Challenge against charter changes lands in SJ County court
February 8, 2013 · Updated 5:40 PM
By Steve Wehrly/Journal reporter
The case seeking to invalidate the series of charter amendments approved by the voters in November has been transferred from Skagit County Superior Court to the Superior Court of San Juan County.
The case, titled Michael Carlson, Jerrold R. Gonce and Jeffrey Bossler v. San Juan County and the State of Washington, alleges seven causes of action, and asks that the charter amendments be declared unconstitutional and that an injunction be entered terminating the current election for the three-person county council provided for in the charter amendments.
Judge John Meyer in Skagit County signed two orders, the first granting San Juan County Prosecuting Attorney Randy Gaylord's motion for a "change of venue" and the second requiring that the six current county council members and the candidates for the three-person council be added to the case as "necessary parties."
In his order transferring the case to San Juan County, Meyer cited as one of his reasons that "satisfactory proof has been submitted that the convenience of witnesses or the ends of justice will be served by the change of venue."
Meyer has informed San Juan County Superior Court Judge Don Eaton of his decision and has indicated to the attorneys that he is amenable to continuing to preside over the case. Judge Eaton has informed San Juan Superior Court Administrator Jane Hutchinson that he would recuse himself from consideration of the case.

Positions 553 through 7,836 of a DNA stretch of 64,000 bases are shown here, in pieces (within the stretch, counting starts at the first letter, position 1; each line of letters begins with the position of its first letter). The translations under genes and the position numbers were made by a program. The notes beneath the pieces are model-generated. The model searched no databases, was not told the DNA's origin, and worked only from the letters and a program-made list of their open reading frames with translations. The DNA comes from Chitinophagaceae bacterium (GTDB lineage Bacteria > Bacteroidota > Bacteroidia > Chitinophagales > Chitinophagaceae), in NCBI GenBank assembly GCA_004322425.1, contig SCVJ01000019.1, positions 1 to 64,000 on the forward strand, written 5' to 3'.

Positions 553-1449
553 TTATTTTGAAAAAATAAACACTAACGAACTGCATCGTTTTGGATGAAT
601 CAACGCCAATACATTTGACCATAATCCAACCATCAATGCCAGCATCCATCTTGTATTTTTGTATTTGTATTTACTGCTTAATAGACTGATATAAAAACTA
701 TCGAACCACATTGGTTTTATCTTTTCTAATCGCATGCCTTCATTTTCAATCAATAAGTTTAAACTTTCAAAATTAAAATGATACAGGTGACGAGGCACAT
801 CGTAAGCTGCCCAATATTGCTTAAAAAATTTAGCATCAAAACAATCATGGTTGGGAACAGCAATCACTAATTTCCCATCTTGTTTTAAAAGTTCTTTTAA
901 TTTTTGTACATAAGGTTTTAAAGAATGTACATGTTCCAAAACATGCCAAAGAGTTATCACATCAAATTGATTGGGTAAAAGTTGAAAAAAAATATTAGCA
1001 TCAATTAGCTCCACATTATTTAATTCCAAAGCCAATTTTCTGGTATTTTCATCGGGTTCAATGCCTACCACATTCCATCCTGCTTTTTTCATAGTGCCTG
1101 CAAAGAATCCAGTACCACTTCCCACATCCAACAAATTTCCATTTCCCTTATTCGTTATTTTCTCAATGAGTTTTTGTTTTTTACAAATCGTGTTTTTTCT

Stephanie Johnson O'Day, the attorney for the plaintiffs in the case, said she has no objection to Meyer continuing on the case "in the interests of expediency and judicial economy." O'Day pointed out that the case file is over 700 pages, that the issues are important and complex, and that Meyer has indicated that he is prepared to hear arguments in San Juan County on Feb. 20 and decide the case before the April 23 date set for the special election of the new county council.
Because San Juan County has only one Superior Court judge, state law and Washington Supreme Court rules provide that the presiding judge of Island County, now Alan Hancock, should name the successor judge. Judge Hancock could name a different judge to preside over the case. He is expected to name the successor judge for the case quickly.
Attorneys for both the plaintiffs (O'Day) and San Juan County (Gaylord) have filed cross-motions for summary judgment and have argued that a full-blown trial with testimony and witnesses should not be necessary.
A second case on substantially the same issues, Charles Bodenstab v. State of Washington, was filed in United State District Court in Seattle, but was voluntarily dismissed by stipulation of the parties on Jan. 23, 2013.